There’s a wonderful moment at the end of the book where Raina, now more comfortable with her issues, admits to what she’s been struggling with at a sleepover with her girlfriends. To her surprise, one by one, they all reveal some of their own “secrets” and with a mix of shock and happiness Raina actually sees for herself that she’s far from the only person dealing with something that scares or upsets her.

There’s going to be many times in a child’s life when they’ll need reminding that they’re not alone in the daily struggle of just being alive. This is a great book to hand them when that happens. . more

Book Review: GUTS, by Raina Telgemeier

I knew as soon as I finished Guts by Raina Telgemeier that I needed to write about it. It was a highly anticipated book, partly due to the success of her other graphic novels. Now you may have been like me, where you are excited for kids to want to read any book, but you had no intention of reading it yourself. However, once I saw just how popular it was, I decided I needed to read it myself, and I’m so glad I did.

Guts is a memoir about a 5th grade girl, Raina, who is going through your average friend drama, but is also dealing with her own personal issues with anxiety. She is very lucky in that she’s got parents that are very supportive and try to get her the help that she needs. Raina also discovers that being honest with friends can be helpful in dealing with those sorts of issues, because sometimes you realize you’re not the only one dealing with stuff.

The thing that got me so excited about this graphic novel that centers on what anxiety can look like is that you actually get to see what anxiety looks like, and for young people this is so important. Just being able to give feelings like that a name is something that many 5th graders may not be able to do. I know there are other wonderful Middle Grade books that deal with the same or similar topics, but there is something about the graphic novel format that makes the anxiety in this book so much more accessible for so many more kids, and that makes my heart so happy.

I myself am a strong believer in kids reading graphic novels, and this story is a great example of why. So if you haven’t read Guts, hopefully I have given you some motivation to do so, or at least some motivation to recommend this book to a child you think might need it.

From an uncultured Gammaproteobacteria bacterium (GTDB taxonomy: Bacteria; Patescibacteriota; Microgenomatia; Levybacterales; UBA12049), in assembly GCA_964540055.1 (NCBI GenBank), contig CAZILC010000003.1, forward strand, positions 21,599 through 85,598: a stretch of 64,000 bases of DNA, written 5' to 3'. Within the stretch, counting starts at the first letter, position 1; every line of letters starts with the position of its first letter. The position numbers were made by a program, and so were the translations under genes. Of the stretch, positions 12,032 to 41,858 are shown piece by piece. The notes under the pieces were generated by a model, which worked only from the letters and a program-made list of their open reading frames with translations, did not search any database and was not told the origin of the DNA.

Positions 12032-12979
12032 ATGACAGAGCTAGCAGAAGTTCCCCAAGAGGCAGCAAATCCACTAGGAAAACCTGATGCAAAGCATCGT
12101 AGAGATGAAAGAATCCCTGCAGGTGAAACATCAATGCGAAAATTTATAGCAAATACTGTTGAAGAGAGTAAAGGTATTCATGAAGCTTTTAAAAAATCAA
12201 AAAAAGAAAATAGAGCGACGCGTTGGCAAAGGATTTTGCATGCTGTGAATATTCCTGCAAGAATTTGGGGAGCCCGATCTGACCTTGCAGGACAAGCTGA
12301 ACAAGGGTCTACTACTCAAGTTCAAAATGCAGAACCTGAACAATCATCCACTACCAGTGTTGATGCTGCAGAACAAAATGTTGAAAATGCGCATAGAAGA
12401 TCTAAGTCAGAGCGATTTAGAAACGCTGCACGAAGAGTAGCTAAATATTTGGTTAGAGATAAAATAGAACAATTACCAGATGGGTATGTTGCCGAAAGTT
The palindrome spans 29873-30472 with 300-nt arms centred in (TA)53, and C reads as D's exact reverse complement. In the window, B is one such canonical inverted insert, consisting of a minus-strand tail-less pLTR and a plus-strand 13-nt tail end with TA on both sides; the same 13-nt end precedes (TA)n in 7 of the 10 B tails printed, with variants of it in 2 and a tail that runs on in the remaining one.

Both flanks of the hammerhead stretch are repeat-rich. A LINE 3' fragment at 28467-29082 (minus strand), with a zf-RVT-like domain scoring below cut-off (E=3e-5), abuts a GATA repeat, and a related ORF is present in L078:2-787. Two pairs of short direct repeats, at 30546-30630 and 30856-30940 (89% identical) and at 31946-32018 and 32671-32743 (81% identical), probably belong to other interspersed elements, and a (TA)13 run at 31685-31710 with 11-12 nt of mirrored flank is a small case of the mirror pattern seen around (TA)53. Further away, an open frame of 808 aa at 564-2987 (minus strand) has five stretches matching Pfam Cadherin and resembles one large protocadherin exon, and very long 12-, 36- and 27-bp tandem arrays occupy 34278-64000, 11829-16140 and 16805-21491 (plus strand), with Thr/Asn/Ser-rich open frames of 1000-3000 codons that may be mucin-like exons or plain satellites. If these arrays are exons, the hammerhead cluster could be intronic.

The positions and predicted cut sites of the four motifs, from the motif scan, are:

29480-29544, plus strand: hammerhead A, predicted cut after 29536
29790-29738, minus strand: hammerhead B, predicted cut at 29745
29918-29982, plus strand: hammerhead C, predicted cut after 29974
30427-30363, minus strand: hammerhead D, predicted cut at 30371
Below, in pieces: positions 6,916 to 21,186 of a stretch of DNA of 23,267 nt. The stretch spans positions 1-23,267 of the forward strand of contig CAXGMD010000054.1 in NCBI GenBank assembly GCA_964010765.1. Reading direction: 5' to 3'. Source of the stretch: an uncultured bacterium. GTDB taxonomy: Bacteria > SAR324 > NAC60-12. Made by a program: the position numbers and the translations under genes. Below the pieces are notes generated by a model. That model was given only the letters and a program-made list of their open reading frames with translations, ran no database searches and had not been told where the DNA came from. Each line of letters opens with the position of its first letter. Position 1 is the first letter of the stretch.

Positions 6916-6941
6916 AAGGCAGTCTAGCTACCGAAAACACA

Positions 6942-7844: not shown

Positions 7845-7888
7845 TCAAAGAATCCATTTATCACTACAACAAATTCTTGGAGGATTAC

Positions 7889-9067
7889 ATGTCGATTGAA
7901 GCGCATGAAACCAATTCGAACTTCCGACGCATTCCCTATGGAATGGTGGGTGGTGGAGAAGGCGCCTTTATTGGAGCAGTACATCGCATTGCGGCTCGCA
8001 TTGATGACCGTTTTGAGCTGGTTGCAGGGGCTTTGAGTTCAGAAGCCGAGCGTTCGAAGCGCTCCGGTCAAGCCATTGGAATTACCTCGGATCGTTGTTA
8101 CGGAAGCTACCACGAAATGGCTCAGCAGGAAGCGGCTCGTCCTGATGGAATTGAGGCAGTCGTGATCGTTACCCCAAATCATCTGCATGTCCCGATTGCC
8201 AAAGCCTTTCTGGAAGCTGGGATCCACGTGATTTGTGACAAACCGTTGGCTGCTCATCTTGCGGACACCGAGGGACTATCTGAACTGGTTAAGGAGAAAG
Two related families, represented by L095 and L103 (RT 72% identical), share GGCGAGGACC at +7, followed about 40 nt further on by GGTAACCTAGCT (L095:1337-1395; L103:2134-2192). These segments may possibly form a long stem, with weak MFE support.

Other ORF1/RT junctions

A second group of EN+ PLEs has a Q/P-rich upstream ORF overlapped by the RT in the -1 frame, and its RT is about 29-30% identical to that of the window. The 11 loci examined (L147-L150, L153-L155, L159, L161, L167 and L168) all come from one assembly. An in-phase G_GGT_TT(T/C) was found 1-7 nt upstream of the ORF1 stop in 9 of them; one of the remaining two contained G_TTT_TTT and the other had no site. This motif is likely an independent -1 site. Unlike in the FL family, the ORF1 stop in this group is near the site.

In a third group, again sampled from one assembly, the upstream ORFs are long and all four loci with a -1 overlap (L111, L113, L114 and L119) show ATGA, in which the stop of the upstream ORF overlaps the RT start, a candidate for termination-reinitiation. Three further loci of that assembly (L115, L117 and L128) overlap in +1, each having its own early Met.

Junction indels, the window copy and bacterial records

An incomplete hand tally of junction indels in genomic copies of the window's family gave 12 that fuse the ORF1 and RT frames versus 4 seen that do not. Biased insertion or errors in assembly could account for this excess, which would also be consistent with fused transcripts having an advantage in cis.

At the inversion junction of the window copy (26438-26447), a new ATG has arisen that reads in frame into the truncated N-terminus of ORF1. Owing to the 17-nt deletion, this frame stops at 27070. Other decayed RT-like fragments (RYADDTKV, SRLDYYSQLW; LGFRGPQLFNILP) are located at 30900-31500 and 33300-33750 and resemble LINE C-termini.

More and More Children Are Feeling Anxious. This Graphic Novelist Is Trying to Help.

When you’ve been in psychotherapy for as long as I have, you end up talking to your therapists from time to time about writers — Freud and Kierkegaard, let’s say, or Brené Brown and Tara Brach — whose insights might, or so you hope, have relevance to your treatment. But no writer have I pushed more fervidly on a therapist than Raina Telgemeier.

“Look at this,” I said to my psychologist a few weeks ago, thrusting some splayed-open pages of Telgemeier’s new book under his nose so urgently that he leaned back in his chair and looked a bit alarmed. “Now, read these three pages,” I said, flipping ahead. “Amazing, isn’t it?”

Though her name might conjure an image of a Teutonic psychotherapist or Kierkegaard scholar, Telgemeier is neither a psychologist nor a philosopher but rather, as nearly every American girl who has passed through elementary school in the last decade knows, a graphic novelist who writes about the social travails and family dynamics of early adolescence. Since 2010, when she overcame the prognostications of shortsighted publishing executives who claimed girls wouldn’t buy comics, she has seen one book after another propelled to the top of the best-seller lists by her avid young fans, who show up by the thousands for her appearances. Telgemeier is like the Beatles, or maybe the J. K. Rowling, of graphic novels.

What drove me to share Telgemeier’s latest book, GUTS (Scholastic, 224 pp., $24.99, ages 8 and up), with my therapist was not her rendering of the social ecology of fourth grade — though her skill at that puts her in the rarefied company of writers like Judy Blume and Beverly Cleary — but rather the accuracy and vividness with which she conveys the phenomenology of anxiety. No other book I have read on the subject — and to say I have read a lot of them is an understatement — has captured with such brilliant economy and psychological acuity what a severe phobia or panic attack is like. So spot on is her portrayal that I wondered if Telgemeier had somehow taken up residence in my amygdala.

But Telgemeier is simply drawing on — and drawing — her own experience. “Guts” is a memoir, the third she’s published, after “Smile” and “Sisters.” (She’s also written two works of original graphic fiction — “Drama” and “Ghosts” — and illustrated several books for the Baby-Sitters Club graphic novel series.) In “Guts,” a series of events propels Raina, already struggling with the sometimes nerve-racking challenges of navigating fourth grade, into a full-blown anxiety disorder, which begins to take over her life.